Rhizomatous Offset Division (Pups) (Easy) - Separating the basal offsets into their own pot will not only expand your plant collection, but it'll also slow the process of becoming pot bound. The best time to divide is when the specimen is around 30cm (12 inches) in height, and during the spring. Gently brush away some of the soil to gain better access to the pup's base (lower stem, via the rhizomes) where the roots will be housed. While using a clean pair of secateurs or scissors, cut the stem with at least two root strands attached to its base. Set the pup in an appropriate-sized pot with adequate drainage and a 'Houseplant'-labelled compost. The ideal location would provide bright, indirect light and temperatures above 15℃ (59℉). Maintain evenly moist soil, allowing the top third to dry out in between hydrations. After a month or two, treat it like a matured specimen by using the care tips mentioned above!
Stem Cuttings (Difficult for Indoor Bamboo)
Unfortunately, it's doubtful for an Indoor Bamboo to bloom indoors, due to the unfavourable growing conditions found in typical domestic settings.
Repot every two years in spring using a 'Houseplant' labelled potting mix and the next sized pot with adequate drainage. Hydrate the plant 24hrs before the tinkering with the roots to prevent the risk of transplant shock. For those situated in a darker location, introduce an extra amount of perlite and grit into the deeper portion of the pot to downplay over-watering risks. Click on this link for a detailed step-by-step guide on transplantation, or via this link to learn about repotting with root rot.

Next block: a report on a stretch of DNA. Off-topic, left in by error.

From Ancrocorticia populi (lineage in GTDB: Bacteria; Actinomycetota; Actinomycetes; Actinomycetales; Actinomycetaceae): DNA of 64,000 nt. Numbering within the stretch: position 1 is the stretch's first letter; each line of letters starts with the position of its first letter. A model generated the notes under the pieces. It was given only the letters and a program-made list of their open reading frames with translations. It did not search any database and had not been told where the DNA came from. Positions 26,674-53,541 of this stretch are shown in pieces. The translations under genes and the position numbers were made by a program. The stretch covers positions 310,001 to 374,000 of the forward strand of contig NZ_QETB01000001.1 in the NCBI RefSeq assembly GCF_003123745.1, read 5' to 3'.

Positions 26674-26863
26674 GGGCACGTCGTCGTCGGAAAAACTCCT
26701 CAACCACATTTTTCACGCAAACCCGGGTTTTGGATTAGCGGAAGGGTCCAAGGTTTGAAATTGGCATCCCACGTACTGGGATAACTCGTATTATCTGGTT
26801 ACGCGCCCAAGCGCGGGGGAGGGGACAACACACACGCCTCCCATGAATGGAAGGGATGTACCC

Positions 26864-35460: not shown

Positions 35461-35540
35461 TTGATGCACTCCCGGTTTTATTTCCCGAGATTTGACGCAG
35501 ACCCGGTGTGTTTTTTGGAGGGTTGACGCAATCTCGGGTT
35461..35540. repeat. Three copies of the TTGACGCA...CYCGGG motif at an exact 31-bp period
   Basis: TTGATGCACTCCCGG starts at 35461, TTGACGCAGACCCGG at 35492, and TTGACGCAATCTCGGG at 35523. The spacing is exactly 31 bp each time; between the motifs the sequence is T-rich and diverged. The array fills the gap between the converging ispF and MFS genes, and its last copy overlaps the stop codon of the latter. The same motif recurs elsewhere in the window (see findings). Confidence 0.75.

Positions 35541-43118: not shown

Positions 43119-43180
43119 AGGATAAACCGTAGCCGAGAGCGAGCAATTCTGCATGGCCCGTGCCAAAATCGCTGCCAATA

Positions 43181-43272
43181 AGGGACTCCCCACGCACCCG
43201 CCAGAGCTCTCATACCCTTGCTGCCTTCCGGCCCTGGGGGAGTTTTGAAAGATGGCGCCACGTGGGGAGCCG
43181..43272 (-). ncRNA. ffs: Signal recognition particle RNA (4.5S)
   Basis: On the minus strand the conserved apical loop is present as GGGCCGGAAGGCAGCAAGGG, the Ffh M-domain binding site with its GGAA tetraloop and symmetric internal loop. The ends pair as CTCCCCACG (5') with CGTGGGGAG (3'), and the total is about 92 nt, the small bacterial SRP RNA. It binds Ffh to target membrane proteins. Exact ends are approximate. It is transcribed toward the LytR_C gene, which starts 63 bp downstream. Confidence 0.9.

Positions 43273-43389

Book a 1-to-1 video call with Joe Bagley if you'd like a personal guide to repotting your houseplant. This will include recommending the right branded-compost and pot size, followed by a live video call whilst you transplant the specimen for step-by-step guidance and answer any further questions!
Keep an eye out for mealybugs, spider mites, whitefly, root mealybugs, scale & thrips. Typical diseases associated with this genus are leaf-spot disease, botrytis, powdery mildew & root rot. Click here for more information about how to identify and address any of these issues.
This plant is classified as highly poisonous. If parts of the plants are eaten, vomiting, nausea and a loss of appetite could occur. Consumption of large quantities must be dealt with quickly; acquire medical assistance for further information. Its sap may cause irritation on the skin of sensitive people.